- As a Nonconformist, he was disallowed from attending Oxford or Cambridge, but instead attended a Dissenting academy and after graduation worked as a pastor and private tutor
- Often ill, a prolonged fever forced him to leave pastoral ministry and live in the residence of Sir Thomas Abney, a parishioner famous for election as Lord Mayor of London in 1700
- In addition to his sermons and poems, by his death he had written books on Grammar, Pedagogy, Ethics, Psychology, Theology, and Logic
- Often given the title “father of English hymnody” for his work in expanding church music beyond the metrical psalms in common use earlier
Tune: Lowell Mason (1792–1872), 1824
- Born in Medfield, Massachusetts but moved to Savannah, Georgia as a young adult to work as a banker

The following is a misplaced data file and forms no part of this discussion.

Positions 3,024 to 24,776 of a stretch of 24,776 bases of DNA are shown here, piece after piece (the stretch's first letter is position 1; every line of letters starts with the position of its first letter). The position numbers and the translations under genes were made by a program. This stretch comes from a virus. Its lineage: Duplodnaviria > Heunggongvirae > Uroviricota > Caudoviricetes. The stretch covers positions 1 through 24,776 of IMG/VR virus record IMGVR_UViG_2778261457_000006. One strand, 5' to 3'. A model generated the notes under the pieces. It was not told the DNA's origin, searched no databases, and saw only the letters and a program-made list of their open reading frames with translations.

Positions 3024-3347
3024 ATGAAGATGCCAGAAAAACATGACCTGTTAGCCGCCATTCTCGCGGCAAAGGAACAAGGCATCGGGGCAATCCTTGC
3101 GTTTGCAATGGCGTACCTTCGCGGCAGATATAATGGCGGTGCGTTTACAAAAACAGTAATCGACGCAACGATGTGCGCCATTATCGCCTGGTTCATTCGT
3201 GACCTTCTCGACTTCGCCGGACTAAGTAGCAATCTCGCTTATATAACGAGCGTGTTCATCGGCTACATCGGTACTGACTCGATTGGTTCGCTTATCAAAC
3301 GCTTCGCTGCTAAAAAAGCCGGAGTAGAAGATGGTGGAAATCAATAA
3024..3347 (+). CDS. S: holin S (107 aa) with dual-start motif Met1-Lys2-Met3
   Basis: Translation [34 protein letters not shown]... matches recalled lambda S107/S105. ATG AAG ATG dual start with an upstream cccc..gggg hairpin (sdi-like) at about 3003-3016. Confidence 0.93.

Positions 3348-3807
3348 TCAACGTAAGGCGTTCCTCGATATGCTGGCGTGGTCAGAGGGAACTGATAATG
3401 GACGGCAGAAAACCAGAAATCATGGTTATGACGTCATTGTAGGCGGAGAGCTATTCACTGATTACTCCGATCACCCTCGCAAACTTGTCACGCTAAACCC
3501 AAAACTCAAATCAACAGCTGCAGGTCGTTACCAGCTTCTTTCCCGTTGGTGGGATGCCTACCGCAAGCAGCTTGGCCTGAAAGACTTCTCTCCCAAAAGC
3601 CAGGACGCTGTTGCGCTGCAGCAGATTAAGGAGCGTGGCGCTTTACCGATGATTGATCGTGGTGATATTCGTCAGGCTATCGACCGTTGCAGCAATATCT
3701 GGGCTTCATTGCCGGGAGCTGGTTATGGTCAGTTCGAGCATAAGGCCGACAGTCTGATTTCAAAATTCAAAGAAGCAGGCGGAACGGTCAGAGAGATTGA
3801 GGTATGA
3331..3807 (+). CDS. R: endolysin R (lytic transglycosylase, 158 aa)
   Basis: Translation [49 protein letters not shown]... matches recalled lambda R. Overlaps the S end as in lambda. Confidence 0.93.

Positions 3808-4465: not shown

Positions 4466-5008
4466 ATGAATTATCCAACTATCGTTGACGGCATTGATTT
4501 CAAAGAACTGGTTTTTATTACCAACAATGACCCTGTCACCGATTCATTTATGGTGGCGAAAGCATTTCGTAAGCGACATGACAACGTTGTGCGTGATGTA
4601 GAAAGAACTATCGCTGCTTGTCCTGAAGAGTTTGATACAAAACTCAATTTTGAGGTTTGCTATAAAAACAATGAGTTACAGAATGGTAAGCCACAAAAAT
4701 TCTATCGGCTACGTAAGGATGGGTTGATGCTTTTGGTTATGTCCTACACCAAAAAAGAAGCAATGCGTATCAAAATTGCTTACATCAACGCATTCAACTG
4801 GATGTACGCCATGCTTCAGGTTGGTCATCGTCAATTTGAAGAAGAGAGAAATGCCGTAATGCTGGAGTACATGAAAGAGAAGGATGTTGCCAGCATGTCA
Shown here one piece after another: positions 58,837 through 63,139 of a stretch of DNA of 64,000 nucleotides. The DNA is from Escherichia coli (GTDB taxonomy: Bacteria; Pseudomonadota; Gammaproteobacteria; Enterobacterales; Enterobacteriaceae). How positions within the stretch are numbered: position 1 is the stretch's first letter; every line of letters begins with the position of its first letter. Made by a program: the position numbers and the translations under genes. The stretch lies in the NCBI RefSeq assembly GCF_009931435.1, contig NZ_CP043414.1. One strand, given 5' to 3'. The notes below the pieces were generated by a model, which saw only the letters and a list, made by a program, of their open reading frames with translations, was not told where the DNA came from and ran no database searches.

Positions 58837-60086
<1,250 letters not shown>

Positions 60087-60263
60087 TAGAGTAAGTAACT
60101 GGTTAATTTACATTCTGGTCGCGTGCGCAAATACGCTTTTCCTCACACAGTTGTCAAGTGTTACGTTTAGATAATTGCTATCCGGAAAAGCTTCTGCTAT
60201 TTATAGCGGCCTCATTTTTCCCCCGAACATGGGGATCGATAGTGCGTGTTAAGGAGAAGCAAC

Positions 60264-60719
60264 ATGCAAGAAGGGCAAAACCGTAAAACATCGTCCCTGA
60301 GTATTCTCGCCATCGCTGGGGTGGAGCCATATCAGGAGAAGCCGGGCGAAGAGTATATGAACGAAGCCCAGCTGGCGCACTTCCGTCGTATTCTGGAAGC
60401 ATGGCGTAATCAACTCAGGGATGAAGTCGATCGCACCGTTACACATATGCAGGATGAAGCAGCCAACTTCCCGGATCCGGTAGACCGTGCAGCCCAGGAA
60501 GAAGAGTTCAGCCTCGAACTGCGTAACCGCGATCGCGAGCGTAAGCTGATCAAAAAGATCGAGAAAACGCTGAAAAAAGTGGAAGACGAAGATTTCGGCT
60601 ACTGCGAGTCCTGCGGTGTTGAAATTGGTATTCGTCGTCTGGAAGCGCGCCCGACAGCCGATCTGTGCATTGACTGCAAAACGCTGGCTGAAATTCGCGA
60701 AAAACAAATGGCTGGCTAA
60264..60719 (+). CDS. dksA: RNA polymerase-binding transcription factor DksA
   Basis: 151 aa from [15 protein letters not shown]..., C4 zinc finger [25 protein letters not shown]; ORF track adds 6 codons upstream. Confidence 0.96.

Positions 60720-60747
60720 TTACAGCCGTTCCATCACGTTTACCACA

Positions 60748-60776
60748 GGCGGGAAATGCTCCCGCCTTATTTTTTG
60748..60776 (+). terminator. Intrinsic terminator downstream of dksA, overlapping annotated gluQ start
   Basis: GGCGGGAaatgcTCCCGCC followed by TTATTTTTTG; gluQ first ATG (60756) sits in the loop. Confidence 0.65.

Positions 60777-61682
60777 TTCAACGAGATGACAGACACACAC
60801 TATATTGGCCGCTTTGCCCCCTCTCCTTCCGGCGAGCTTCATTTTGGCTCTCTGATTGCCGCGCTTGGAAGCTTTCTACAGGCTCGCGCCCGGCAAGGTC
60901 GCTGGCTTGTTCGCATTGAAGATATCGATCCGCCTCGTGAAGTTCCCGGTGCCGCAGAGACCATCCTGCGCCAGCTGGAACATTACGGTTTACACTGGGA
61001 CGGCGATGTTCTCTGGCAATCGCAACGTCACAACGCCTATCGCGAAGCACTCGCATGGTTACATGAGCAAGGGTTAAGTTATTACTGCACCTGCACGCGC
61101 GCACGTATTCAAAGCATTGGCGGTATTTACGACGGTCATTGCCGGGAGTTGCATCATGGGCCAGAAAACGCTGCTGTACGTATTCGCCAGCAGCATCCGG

- Outside his professional life, he was an amateur musician and teacher, serving as a church choir director and organist and helping to start the first Sunday School for African-American children in the US
- Worked to assemble a hymnal using music of classical composers, but struggled to find a publisher
- Eventually the Handel and Haydn Society of Boston agreed to publish the hymnal in 1822 (Mason asked to be anonymous), a later edition of which contained this tune Hamburg, based on a Gregorian chant
- Moved to Boston in 1827, continuing to work as a banker but later devoted himself fully to music
- A natural teacher, Mason founded the Boston Academy of Music aiming to bring music education into public school system, with his efforts endorsed by renowned education reformer Horace Mann
- Other popular hymn tunes include Azmon (“O for a Thousand Tongues to Sing”) and Antioch (“Joy to the World”, also a text by Isaac Watts)